Harry Potters

I'm ending this post with Harry Potter, not because they're my favourite books of all those in this post but because they're where I ended up. And I say 'ended up', but should rather say 'read in rotation'. You see, I started my 'staying on the right side of sane' reading list a couple of weeks before the big due date just thinking 'one more book and I'll probably have the baby'. The days, then weeks dragged on (the little miss was 10 days late, but after a false alarm a fortnight before my due date, this seemed like forever) and I grew steadily more antsy and fidgety and fed up and tearful. So while the other books got me through the early days (I read each several times over), by the time I'd got to the overdue stage all I could cope with was Harry Potter. What mashed potato is to food , Harry potter is to books - total comfort reading (and lest anyone think I'm damning with faint praise, I'll remind you I've already shared my love of potatoes on this blog, starchy perfection!).

I read them all, one after the other, then again, and again, in order, out of order, starting the next as I put the last one down, starting the same one I'd just finished again. Honestly, I don't even want to think about how many times I read each of them in that final week. It was a lot, and you probably wouldn't believe me. This makes me sound even more crazy than I was, but it was all I could think of doing. I was reading The Order of the Phoenix the night I gave birth to my daughter. I remember at 8.30, with these huge contractions, reading through the pain. When, at 11.30pm, I had to put the book down as I couldn't actually face reading it any longer, that was when I knew I had to go to the hospital!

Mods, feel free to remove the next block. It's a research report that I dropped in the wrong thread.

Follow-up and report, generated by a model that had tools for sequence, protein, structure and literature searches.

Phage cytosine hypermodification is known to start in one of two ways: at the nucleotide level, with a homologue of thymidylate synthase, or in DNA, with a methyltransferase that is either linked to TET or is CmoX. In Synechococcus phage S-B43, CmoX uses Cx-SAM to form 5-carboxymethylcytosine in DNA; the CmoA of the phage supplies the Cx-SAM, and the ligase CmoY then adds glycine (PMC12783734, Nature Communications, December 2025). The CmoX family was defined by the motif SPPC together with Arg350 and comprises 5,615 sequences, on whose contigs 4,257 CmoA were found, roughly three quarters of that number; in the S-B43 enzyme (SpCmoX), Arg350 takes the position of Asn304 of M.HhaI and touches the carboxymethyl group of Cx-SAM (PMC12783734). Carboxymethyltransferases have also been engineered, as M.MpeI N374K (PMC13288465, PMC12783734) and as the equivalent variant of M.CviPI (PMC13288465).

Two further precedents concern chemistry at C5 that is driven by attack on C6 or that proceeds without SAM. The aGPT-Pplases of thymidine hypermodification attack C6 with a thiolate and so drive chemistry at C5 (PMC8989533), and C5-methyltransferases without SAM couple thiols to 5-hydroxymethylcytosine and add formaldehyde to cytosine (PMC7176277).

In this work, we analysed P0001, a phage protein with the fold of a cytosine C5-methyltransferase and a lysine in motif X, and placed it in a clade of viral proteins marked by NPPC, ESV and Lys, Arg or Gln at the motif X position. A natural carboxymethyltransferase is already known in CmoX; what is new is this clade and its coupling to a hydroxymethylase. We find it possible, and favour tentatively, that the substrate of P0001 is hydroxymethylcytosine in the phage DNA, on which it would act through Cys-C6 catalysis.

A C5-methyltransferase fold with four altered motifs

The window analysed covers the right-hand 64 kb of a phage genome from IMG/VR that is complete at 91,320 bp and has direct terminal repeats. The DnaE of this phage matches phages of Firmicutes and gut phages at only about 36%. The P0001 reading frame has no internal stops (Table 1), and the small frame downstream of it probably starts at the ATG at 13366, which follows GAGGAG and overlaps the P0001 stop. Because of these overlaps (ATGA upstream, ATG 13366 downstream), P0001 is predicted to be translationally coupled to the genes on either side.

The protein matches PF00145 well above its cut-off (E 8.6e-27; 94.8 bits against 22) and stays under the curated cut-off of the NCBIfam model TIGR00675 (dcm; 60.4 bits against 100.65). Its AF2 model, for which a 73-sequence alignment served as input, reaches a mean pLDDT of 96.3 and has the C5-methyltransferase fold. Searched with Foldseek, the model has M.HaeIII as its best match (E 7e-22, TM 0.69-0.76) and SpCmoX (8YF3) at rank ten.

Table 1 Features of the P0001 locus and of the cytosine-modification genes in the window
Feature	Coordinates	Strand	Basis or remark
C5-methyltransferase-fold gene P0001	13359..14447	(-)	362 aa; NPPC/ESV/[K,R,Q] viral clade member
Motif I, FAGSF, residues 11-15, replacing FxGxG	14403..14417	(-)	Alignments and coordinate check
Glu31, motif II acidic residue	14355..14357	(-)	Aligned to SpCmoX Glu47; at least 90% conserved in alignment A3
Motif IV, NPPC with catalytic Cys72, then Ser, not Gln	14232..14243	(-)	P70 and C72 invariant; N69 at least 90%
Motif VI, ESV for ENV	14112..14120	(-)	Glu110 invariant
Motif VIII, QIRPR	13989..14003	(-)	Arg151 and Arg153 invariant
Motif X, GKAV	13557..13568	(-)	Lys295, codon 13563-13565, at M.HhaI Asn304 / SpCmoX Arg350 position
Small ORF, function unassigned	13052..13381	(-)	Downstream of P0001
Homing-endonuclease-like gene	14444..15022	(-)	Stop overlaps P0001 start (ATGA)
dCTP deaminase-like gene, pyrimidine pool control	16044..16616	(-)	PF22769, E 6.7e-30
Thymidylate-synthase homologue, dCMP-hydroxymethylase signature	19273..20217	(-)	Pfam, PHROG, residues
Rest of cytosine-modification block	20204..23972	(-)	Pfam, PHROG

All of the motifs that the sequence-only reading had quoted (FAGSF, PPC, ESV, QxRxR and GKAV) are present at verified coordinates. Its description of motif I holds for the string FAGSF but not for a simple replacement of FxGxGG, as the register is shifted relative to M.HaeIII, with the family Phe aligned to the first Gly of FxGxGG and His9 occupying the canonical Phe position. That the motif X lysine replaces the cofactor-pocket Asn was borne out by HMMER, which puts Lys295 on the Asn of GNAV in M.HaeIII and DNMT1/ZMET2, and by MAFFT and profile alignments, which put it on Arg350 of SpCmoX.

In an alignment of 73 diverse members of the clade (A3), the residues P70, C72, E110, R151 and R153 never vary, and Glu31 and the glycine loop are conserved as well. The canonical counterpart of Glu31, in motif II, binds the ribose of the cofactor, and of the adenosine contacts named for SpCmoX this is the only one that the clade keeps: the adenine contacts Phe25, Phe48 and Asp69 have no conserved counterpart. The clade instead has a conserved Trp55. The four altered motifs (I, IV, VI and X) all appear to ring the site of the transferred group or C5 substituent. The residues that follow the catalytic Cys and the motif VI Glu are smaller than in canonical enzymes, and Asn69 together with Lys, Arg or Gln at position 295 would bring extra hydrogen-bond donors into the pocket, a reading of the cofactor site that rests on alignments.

Thank you, Harry Potter, you really kept me going.

Books really are the best kind of escapism. I sort of wish I wasn't such a devourer of them as I'm always so sad when I've finished, but the books I love most I am incapable of rationing.

Read these books, read them all.


  1. Ok then, that'll be me getting some Alan Garner in for myself...

    I also have the audio books of Pullman, and I used to listen while I sewed. They are so brilliantly done I think you would love them. Warning though - ended up sobbing with my head on the sewing table when Lee Scoresby died.

  2. thanks for the great list! Dark Materials has been on my list for aaaggeeeesss, now- I'm finally going to read it! Thanks for reminding me!

  3. Jo - Saints & Pinners19 March 2011 at 23:09

    If you like sparse, then I wholly recommend anything by Tove Jansson - just beautiful, real, and wise. Her books for adults are published by Sort Of books - they have published some truly gorgeous Moomin books too.

  4. I love your recommended reads, mainly as I share some of them as favourites too which makes me think I would love the ones I haven't read yet (Alan Garner). If you like those have you read the Dark is Rising series? Really good Welsh connection there too, I have a soft spot for Wales as I lived in Swansea for a year when I first came to the UK. The thing I find quite sad about reading is that I devour books and then feel quite sad that I will never have the joy of reading that book again for the first time. There's nothing like reading a book that rocks your world for the first time. Happy page turning.